A story of fire and water on the Red Planet

By Megan Bradshaw on December 7, 2022

Mike Thorpe ’12 talks about the recent studies published on samples of Mars’ surface

Mars rover Curiosity takes a selfie on the planet surface
The Curiosity rover used two cameras to take this selfie in front of Mont Mercou (NASA).

NASA’s Perseverance rover made a bulls-eye landing in Jezero Crater on Mars on Feb. 18, 2021. Its mission was to collect soil, air and rock samples to determine if there was or could be a habitable environment there.

Mike Thorpe ’12, a Mars sample return scientist based in Houston, Texas at the time, was part of the team that interpreted and analyzed the data the Curiosity rover sent back to Earth. Thorpe also worked in curation for the Mars Sample Return project. He was profiled in the fall 2021 issue of TU Magazine.

Several of those samples have been detailed for the first time in three studies published in the journals Science and Science Advances.

“It’s really exciting,” Thorpe says of the papers’ findings. “We were anticipating seeing sedimentary rocks [in Jezero Crater], but when the rover landed, it started exploring igneous rocks that had huge olivine grains—very different than what we were expecting.”

Sedimentary rocks are formed when minerals or organic particles accumulate on a planet’s surface. Igneous rocks form when hot, molten rock crystallizes and solidifies. Olivine is a type of mineral group that forms when lava cools. The size of the grains relates to how long it took the magma to harden. There is evidence in Perseverance’s samples of the olivines altering after encountering water at several times in Mars’ history.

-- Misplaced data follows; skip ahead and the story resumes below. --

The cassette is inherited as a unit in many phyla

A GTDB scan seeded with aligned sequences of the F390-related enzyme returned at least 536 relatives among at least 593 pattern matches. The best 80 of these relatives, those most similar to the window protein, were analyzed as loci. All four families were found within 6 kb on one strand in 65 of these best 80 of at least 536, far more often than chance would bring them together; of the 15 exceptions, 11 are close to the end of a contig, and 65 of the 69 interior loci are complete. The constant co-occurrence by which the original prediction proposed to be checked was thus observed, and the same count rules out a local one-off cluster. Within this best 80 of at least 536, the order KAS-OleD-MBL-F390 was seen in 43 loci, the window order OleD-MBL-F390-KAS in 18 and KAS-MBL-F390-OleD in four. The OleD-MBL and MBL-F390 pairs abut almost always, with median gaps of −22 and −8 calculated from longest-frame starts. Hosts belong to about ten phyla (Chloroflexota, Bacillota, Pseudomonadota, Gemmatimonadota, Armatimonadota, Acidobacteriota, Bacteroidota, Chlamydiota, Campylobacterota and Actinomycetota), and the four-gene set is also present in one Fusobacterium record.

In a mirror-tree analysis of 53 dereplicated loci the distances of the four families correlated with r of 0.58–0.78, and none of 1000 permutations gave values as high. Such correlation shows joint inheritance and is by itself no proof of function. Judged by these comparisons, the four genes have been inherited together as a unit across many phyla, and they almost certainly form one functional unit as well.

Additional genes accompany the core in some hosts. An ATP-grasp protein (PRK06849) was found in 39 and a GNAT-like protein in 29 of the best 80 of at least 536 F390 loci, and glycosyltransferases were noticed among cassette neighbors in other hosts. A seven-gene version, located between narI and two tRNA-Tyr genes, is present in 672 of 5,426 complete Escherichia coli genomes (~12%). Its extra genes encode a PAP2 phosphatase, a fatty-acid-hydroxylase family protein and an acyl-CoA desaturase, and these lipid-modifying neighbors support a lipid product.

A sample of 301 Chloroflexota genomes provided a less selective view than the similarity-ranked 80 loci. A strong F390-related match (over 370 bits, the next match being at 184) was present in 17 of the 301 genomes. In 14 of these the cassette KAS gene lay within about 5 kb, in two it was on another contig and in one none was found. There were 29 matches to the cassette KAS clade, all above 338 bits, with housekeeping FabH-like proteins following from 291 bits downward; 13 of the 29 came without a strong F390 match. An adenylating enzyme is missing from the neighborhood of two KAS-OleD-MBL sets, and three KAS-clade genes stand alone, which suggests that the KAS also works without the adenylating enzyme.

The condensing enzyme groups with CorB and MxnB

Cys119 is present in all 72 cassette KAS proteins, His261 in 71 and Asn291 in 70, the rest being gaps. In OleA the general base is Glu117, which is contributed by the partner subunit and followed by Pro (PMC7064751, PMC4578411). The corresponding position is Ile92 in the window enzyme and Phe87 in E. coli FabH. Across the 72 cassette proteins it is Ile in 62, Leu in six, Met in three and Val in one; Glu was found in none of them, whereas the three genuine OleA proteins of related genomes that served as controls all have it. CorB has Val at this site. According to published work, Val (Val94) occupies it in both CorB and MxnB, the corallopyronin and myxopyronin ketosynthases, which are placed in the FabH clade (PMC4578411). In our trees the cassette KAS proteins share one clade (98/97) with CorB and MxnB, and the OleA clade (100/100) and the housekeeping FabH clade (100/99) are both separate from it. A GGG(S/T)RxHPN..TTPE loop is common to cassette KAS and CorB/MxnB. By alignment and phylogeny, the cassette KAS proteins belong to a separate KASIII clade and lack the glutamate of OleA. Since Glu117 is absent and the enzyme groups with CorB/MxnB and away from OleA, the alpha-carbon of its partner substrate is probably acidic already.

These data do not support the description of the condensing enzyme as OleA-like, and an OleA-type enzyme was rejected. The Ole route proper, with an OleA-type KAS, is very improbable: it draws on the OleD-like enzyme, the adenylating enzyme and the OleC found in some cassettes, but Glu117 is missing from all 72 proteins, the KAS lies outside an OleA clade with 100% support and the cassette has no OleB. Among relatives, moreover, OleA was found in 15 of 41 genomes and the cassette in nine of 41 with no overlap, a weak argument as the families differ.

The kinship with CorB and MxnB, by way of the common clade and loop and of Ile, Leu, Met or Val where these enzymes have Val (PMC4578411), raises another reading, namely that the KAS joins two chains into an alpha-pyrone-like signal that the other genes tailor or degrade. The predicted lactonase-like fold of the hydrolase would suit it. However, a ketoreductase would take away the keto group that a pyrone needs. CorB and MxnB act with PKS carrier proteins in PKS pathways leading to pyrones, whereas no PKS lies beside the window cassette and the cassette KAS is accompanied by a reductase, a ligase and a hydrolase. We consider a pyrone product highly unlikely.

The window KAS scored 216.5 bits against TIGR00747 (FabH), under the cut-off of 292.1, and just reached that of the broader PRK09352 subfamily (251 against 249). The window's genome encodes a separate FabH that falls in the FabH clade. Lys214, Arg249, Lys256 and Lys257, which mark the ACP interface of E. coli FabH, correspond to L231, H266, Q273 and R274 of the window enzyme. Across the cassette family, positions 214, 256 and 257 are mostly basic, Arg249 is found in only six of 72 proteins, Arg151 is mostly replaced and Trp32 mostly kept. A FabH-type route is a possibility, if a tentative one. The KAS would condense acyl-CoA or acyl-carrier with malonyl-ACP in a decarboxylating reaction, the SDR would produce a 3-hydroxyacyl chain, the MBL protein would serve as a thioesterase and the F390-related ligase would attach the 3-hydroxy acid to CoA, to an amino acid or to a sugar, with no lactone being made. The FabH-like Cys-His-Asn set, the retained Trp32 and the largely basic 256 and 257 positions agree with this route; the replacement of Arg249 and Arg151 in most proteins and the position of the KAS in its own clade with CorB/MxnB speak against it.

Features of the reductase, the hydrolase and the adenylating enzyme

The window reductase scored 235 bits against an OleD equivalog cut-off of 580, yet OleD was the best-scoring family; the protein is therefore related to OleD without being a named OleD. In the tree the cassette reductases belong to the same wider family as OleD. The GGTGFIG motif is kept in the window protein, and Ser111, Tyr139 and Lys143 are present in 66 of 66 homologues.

“It’s like Mars always has an exciting trick up its sleeve,” Thorpe says.

Now an assistant research scientist at Goddard Space Flight Center in Maryland, Thorpe consults with his colleagues about the directions the science behind the rovers could take when the samples return.

“Since the papers started to be conceptualized, we have more samples to examine,” he says. “The rovers are uncovering exciting things. We’ll see how the story continues to unravel.”

Thorpe may tell more of that story in the introductory geology course he’s teaching at TU during the spring term.

“[I wanted to get] back into a classroom and back to my roots. Towson’s where it all started,” he says. “I was sitting in a classroom and had no idea I’d be working with NASA and the Mars rover. It’s my way of paying it forward. If I can reach one person the way I was reached in my geology classes, then that’s a win for me.”

For more stories like this, check out TU Magazine. 

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